And Fear Finds Nothing Left to Mend
By Barb C.
Setting: Post-Gift AU (Barbverse)
Synopsis: Knowing that the Slayer has hard decisions to make is one thing. Being the subject of one is quite another.
Author’s notes: This story takes place in the same universe as “Raising In the Sun,” “Necessary Evils,” and “A Parliament of Monsters.” It is the first story in the arc which continues in “To Lie Down With Wolves,” “Every Silver Lining Has A Touch of Gray,”, “Let Your Hearts Be Light,”, “Mea Culpa,” and “A Professional Consultation,” and concludes in “The Indefinite Article.” It’s pretty damn angsty, folks. The story includes some elements of Dark Horse comics canon, but I do very different things with them. Thanks to my incredible betas, Bewildered, slaymesoftly, trepkos, typographer, cornerofmadness, SzmattyCat, and Maevepagan. Any remaining errors are entirely my own.
Suppose you’ll think it strange, but my respect for the git went up a thousand percent at the realization. He’d spent every second of the last fifteen years concocting his revenge. Couldn’t fault him for that. It’s what I’d have done, if someone’d killed the love of my life. Wouldn’t have taken me fifteen years, but I’ve got natural advantages.
If ever there were proof that love’s blood, not brains, Wells’ pash on Warren Mears was it. In my brief but unpleasant association with Mears, I’d never seen him do aught for Wells save use him or ignore him. When Buffy turned the two of ’em over to the police after they killed that girl, their mate Levinson tried to scrape up enough dosh to get them a lawyer. He managed to get the attention of some tarted-up L.A. bitch name of Morgan, who interviewed the two of ’em, decided that Mears was worth Wolfram & Hart’s time, and got him a sentence that couldn’t have amounted to more’n three words. Wells, on the other hand, got the dictionary thrown at him, and Mears traipsed off to L.A. without a backwards look.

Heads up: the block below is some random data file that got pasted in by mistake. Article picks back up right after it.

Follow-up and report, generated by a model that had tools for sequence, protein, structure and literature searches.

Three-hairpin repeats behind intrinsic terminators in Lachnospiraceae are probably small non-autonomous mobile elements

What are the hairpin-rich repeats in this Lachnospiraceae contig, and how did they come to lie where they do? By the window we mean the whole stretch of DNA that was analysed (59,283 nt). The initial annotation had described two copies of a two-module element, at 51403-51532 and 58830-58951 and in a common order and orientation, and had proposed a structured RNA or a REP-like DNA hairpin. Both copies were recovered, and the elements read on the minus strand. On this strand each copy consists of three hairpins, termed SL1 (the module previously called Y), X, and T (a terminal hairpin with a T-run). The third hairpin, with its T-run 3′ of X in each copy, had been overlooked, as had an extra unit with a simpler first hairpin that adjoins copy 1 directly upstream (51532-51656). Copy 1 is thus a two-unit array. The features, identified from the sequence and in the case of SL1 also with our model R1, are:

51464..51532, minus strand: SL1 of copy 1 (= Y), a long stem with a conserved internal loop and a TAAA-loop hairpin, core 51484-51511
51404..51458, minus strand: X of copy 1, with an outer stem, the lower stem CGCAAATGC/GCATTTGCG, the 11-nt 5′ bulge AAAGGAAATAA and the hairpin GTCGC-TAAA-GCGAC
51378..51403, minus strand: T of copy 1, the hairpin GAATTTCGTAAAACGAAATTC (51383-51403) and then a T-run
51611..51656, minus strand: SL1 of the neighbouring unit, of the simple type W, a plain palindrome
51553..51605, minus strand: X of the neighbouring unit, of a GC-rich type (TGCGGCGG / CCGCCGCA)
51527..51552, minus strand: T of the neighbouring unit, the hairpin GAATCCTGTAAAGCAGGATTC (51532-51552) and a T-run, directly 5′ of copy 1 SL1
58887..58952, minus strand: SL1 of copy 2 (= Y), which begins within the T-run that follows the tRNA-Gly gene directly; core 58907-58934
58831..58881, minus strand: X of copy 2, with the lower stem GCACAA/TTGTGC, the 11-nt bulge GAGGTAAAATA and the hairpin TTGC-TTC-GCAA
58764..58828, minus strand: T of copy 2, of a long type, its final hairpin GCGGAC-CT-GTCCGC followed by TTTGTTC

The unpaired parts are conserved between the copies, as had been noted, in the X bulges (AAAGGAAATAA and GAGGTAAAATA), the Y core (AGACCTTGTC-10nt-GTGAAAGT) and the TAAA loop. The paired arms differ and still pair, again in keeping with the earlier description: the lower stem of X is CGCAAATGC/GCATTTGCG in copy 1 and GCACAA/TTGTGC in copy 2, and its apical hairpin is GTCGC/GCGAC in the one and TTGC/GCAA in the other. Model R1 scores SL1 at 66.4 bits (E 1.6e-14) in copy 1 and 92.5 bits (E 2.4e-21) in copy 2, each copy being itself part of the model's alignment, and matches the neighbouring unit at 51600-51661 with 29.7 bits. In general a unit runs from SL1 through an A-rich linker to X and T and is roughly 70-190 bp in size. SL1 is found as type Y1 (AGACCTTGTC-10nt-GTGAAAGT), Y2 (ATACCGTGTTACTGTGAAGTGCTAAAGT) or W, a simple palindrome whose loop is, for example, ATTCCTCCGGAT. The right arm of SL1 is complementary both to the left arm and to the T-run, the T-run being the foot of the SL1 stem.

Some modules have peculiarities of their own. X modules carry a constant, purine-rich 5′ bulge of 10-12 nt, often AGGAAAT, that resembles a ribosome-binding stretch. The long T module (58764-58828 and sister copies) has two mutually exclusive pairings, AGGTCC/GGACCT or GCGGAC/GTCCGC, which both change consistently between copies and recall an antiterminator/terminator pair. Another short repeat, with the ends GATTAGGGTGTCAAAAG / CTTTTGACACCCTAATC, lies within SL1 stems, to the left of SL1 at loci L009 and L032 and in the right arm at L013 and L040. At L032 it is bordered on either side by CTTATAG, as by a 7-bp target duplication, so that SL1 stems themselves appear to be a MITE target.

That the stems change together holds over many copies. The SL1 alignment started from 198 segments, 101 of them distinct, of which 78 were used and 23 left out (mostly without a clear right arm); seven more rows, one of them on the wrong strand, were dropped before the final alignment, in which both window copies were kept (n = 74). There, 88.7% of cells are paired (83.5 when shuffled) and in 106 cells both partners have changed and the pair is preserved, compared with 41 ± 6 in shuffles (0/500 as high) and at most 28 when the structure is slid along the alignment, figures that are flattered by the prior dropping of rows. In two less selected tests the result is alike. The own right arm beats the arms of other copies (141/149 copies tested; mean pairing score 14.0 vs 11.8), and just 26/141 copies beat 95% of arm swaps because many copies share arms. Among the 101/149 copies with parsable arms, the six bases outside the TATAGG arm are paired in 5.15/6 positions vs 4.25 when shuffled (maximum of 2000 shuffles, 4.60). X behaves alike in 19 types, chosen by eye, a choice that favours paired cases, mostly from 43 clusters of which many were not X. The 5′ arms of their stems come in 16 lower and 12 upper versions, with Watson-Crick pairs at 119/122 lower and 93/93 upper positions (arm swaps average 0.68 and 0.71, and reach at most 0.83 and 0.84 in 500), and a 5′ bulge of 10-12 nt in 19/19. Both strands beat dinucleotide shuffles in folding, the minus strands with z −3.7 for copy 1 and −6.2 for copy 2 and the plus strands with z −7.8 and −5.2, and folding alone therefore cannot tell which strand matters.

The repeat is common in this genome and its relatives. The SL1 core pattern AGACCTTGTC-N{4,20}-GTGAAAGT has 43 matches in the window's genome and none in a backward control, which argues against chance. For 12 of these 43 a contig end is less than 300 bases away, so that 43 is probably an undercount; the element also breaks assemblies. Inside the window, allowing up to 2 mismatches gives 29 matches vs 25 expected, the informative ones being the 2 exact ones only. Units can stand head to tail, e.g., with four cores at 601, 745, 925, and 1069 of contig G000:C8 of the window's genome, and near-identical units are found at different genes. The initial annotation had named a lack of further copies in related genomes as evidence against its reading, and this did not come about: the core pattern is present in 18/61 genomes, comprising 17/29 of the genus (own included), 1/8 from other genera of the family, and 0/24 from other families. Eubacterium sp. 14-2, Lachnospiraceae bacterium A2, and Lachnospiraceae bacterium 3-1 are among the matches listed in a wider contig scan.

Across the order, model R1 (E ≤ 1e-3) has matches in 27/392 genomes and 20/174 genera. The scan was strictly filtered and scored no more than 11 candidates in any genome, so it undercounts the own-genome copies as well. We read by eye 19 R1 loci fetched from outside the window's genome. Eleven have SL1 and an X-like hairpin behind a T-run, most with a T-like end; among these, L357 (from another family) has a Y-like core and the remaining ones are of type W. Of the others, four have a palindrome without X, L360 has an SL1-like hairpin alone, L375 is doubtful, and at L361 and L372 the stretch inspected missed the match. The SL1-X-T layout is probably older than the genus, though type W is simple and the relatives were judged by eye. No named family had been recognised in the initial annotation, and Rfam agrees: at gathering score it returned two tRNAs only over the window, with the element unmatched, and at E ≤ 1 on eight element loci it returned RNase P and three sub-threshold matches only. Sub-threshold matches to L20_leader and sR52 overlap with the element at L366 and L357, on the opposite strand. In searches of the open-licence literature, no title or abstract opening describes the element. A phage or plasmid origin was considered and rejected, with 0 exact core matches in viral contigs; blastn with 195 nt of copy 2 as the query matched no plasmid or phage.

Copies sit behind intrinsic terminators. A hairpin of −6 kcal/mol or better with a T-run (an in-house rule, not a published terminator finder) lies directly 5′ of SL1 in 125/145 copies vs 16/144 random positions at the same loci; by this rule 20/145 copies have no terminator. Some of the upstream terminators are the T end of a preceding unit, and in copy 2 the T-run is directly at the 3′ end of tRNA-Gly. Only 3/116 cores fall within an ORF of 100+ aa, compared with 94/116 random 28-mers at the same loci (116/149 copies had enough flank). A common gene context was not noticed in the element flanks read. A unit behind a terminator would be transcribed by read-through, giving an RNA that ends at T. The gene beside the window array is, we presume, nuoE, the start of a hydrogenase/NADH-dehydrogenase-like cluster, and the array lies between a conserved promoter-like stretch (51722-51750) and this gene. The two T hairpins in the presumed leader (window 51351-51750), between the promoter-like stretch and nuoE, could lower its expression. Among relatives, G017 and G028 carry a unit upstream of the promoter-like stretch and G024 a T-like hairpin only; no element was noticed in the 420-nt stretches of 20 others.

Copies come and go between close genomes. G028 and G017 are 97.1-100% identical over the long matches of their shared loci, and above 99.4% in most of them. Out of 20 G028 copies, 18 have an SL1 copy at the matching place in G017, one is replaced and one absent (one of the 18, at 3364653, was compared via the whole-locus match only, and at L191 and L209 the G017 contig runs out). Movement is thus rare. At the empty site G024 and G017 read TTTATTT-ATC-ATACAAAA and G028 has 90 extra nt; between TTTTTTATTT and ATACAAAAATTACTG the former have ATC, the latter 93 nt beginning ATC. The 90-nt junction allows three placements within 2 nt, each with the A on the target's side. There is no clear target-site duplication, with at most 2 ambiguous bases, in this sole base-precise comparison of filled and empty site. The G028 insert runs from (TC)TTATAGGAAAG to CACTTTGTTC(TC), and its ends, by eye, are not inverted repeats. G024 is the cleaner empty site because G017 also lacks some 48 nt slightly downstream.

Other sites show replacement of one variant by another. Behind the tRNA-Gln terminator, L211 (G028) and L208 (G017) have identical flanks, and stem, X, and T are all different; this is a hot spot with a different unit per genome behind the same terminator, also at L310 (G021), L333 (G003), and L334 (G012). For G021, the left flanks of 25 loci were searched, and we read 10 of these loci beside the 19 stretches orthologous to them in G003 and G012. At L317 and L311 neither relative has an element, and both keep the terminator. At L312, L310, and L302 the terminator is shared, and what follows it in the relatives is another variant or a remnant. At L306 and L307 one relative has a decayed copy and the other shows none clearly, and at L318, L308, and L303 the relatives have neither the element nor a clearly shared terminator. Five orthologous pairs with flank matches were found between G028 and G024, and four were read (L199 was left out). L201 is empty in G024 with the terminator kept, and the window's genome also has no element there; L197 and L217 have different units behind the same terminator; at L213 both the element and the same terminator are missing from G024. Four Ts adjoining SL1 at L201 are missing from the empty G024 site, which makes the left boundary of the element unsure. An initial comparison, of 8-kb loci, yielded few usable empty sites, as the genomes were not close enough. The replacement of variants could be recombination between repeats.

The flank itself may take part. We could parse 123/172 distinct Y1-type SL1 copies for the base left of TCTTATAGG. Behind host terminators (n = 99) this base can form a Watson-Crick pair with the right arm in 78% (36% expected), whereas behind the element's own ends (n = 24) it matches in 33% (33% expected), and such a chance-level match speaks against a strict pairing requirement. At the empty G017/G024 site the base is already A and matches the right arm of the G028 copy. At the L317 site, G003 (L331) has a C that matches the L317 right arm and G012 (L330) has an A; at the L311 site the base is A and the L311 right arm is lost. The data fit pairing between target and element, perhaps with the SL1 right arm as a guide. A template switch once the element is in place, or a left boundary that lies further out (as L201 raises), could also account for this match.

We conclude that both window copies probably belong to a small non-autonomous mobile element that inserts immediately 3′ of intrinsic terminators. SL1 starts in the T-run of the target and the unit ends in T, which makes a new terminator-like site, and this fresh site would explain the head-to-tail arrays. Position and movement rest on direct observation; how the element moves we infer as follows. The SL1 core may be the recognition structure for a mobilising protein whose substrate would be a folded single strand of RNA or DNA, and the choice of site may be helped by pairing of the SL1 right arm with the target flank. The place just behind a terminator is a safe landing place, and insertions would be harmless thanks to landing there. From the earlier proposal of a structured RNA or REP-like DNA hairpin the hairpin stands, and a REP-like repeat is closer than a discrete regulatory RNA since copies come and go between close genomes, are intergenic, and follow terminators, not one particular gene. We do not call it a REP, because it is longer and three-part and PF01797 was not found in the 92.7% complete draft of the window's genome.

But as I’ve said before, love’s a funny thing.
My demonic great-grandad wasn’t so impressed. If there were eyeballs buried somewhere in the black pits of Archaeous’ sockets, odds were they were rolling. He tilted his horn-crowned head to sneer at Wells. “Until our essences are once more united, the only control I have over him is of the crude physical variety.” He gave me a shake. “Get on with it. And hurry.”
Wells pouted, but he set to it, digging into the knapsack and laying out various oozy bits on the black stone of the altar. Couldn’t see Buffy from the angle Archaeous was holding me, but from across the chasm metal screeched like an amorous tomcat, and shortly thereafter, something flung the world’s largest boot at the world’s largest trash can. It occurred to me that that Archaeous couldn’t sport much in the way of la-di-dah magical powers – couldn’t throw fireballs, or teleport, or any of that – or he’d have stopped the Slayer from doing whatever it was she was doing. More ‘n that, he was tall enough, and the cavern roof low enough over the island, that he couldn’t jump across the chasm without bashing his head in. Couldn’t even stand up straight. To get across, he’d have to climb down to the bottom, and then scale the opposite wall. What good any of that would do me now I hadn’t a clue, but best keep it in mind.
“All is prepared, O Great One,” Wells announced with breathless glee. He hoisted one of the shackles with a grunt of effort. “If you’ll just hold him a little lower – ”